Across Delaware, state scientists rate only 1 percent of rivers and streams and just 13 percent of ponds and lakes as fully safe for swimming. Bacteria and other pollutants, many originating in wastewater, cause the most problems.  Sewage-treatment plants and septic systems contribute to the problem, sometimes in glaring ways.

In northern Delaware, state officials are frustrated by their inability to convince residents to eliminate or even inventory cesspools, which are old-fashioned underground lined pits from which untreated waste trickles into the soil. They have been called "underground outhouses" by state officials.

Earlier this year, regulators resorted to using DNA testing to prove to residents that water near their neighborhood was being polluted by human waste.

"We've got maybe two decades invested in trying to correct a problem that's the result of 100 years' worth of human activities and behavior," said Kevin C. Donnelly, water-resources director for the Department of Natural Resources and Environmental Control.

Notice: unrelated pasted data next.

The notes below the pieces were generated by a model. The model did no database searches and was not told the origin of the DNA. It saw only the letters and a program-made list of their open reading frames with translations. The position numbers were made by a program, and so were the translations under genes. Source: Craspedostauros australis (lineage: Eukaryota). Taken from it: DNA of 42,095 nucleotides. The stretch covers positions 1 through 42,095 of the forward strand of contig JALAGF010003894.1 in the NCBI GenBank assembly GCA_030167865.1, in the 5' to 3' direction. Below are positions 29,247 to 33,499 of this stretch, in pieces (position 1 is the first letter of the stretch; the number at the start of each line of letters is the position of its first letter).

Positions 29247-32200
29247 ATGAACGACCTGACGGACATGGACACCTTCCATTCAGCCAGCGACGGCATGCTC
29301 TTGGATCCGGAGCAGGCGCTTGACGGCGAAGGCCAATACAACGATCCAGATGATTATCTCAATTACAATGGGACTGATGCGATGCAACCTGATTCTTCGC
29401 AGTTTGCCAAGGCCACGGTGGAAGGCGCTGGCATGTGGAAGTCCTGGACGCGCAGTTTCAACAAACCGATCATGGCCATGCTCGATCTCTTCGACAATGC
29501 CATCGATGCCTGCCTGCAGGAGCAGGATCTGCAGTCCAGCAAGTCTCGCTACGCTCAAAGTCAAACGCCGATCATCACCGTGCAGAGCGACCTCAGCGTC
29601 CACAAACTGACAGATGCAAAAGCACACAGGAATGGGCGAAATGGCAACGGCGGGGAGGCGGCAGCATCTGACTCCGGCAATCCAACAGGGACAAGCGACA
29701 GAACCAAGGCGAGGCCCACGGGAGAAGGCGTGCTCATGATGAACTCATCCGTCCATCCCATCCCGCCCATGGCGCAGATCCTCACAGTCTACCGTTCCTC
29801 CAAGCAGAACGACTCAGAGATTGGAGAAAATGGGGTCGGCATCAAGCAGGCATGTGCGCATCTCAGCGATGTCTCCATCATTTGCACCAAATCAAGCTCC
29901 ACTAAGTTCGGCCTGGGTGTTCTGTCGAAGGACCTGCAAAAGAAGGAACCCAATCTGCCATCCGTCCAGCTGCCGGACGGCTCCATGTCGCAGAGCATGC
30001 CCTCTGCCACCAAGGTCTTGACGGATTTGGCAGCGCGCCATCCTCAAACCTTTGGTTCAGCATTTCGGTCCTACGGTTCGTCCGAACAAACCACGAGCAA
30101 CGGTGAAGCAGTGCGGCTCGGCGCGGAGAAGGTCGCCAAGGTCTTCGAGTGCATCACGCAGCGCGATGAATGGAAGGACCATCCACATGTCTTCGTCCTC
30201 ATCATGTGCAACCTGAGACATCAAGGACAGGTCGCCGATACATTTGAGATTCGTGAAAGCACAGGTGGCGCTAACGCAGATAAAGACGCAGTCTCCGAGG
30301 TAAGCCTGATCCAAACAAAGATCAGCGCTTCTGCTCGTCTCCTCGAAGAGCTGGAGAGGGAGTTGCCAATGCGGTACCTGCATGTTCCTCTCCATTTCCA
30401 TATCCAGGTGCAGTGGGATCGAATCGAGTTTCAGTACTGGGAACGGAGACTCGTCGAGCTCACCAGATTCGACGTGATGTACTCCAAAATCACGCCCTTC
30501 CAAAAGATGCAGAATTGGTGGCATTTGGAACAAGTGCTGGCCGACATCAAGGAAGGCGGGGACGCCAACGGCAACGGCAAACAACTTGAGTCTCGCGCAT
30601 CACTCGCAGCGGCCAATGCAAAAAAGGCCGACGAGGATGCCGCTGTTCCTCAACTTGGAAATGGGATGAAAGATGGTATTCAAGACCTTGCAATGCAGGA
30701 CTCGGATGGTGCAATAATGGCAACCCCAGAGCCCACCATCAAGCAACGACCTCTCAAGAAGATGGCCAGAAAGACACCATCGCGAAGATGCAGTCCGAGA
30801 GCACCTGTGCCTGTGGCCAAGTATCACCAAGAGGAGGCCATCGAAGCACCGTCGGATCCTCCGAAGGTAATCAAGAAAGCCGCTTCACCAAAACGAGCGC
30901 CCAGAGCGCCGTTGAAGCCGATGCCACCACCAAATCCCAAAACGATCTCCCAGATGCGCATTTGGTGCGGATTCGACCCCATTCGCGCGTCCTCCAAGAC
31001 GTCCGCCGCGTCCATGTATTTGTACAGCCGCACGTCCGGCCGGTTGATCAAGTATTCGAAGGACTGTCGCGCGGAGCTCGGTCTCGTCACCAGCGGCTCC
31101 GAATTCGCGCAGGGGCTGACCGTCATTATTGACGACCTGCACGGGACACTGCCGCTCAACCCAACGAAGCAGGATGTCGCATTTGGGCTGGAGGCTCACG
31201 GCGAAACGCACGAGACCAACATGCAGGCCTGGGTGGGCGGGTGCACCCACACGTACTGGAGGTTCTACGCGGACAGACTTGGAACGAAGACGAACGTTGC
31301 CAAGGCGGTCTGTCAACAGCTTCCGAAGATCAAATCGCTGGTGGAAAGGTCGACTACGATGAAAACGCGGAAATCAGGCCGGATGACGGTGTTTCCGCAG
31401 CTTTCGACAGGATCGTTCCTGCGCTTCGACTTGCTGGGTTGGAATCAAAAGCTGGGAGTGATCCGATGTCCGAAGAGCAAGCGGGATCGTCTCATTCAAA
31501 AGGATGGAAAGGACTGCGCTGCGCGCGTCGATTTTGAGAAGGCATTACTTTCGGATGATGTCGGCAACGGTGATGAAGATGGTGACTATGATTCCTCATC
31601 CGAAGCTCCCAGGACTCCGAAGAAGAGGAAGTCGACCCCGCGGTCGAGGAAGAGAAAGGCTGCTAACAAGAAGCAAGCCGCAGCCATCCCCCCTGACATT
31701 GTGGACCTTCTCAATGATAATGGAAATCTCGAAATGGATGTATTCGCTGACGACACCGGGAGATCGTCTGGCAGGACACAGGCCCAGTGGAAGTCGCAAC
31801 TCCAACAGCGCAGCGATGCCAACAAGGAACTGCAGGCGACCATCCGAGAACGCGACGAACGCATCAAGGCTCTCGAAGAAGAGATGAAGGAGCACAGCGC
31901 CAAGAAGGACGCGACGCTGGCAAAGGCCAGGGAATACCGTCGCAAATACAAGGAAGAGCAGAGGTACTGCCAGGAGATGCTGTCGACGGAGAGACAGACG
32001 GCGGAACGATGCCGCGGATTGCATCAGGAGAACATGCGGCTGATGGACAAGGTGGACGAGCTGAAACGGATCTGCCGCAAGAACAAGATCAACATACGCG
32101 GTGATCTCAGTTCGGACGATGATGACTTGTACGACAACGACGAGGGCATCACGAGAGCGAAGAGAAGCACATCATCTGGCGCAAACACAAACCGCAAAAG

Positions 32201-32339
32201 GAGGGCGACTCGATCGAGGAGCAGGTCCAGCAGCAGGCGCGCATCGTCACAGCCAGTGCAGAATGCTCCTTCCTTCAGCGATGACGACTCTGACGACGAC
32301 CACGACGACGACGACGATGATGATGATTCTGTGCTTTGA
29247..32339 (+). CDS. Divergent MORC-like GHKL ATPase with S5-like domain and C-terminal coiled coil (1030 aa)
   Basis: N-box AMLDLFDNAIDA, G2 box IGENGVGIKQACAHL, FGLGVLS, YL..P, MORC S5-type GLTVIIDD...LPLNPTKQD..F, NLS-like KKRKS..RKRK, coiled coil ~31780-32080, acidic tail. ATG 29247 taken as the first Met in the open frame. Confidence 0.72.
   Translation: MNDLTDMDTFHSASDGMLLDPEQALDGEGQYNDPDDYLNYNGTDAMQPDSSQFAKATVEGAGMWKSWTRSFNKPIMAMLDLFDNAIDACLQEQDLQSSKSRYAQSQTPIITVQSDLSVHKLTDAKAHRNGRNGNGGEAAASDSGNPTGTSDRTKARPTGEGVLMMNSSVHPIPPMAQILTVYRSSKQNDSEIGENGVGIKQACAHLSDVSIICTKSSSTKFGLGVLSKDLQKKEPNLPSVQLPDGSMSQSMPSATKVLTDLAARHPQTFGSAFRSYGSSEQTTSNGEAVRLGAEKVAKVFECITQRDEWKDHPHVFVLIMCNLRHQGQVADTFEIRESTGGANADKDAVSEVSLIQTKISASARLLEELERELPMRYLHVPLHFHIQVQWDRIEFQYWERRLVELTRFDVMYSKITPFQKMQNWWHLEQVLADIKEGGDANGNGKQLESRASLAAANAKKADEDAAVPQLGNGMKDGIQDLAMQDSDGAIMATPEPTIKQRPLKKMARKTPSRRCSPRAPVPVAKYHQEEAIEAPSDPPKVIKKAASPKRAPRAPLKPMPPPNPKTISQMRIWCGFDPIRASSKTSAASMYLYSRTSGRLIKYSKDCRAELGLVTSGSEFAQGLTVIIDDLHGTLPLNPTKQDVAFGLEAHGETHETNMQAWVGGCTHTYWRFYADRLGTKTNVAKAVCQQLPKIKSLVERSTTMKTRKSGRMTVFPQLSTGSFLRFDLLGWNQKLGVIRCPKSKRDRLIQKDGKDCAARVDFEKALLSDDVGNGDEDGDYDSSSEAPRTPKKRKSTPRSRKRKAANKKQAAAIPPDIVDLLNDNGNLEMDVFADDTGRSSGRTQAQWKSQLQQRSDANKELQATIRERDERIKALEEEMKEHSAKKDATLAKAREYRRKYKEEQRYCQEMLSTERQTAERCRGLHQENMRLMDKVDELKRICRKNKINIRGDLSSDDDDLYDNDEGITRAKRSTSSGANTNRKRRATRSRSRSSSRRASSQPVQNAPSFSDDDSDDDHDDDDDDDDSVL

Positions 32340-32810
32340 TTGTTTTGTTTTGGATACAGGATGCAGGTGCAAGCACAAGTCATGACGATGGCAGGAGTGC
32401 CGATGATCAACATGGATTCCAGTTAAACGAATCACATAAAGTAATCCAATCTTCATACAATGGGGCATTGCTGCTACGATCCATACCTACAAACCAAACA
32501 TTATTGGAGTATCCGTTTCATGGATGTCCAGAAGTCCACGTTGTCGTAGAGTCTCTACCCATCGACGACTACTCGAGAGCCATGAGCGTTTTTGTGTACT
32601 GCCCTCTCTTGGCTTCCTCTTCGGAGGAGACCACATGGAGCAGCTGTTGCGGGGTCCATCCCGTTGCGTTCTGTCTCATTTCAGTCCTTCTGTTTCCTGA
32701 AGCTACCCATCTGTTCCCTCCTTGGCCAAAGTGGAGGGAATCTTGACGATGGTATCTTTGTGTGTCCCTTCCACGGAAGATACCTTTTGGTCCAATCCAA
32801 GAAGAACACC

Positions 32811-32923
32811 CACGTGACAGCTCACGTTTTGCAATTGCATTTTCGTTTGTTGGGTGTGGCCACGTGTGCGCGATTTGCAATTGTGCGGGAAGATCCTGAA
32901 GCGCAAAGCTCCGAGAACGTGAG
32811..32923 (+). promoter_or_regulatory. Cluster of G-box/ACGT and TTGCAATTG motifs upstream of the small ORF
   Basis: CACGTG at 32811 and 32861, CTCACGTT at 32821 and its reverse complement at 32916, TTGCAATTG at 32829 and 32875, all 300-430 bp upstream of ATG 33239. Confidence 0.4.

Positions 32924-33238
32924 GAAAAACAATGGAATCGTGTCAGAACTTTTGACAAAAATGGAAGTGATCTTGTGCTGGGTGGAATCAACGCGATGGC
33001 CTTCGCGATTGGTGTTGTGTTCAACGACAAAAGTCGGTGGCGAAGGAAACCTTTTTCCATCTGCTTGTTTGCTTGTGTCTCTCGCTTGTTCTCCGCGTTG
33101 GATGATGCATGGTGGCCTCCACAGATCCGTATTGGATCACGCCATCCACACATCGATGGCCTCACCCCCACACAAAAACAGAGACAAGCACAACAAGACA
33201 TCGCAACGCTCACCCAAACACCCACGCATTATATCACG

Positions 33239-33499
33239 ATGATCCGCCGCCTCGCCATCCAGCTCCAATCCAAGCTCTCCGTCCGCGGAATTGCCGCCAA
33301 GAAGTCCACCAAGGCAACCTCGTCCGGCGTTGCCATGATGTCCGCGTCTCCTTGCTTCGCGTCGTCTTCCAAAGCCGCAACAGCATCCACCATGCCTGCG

Bacteria from human waste is often an unseen danger, percolating underground and tainting streams, rivers and bays.

No one knows better than Rick Greene, the state environmental scientist who has spent years studying fish in Delaware for signs of toxic contamination.

Eight years ago, Greene was taking sediment samples in the tidal section of White Clay Creek near Stanton. He paused to pick up some stones, looking for fly larvae. A diverse array of insect larvae indicates good water quality.

"I didn't have my gloves on, and I had a little tiny cut on my elbow," he said.  Greene reached up and scratched his arm. "Within eight hours, my arm was as big as my leg," Greene recalled.  At the hospital, an infectious-disease specialist was called in.

"I've got good news and I've got bad news," Greene recalled the doctor saying. "You're going to keep your arm. The bad news is you're going to be in here for a week."

Greene believes the infection came from bacteria in the water.

"It's not chlorinated pool water. There are risks," he said. "If you have any open cuts, do not go in the surface water."

A stressed system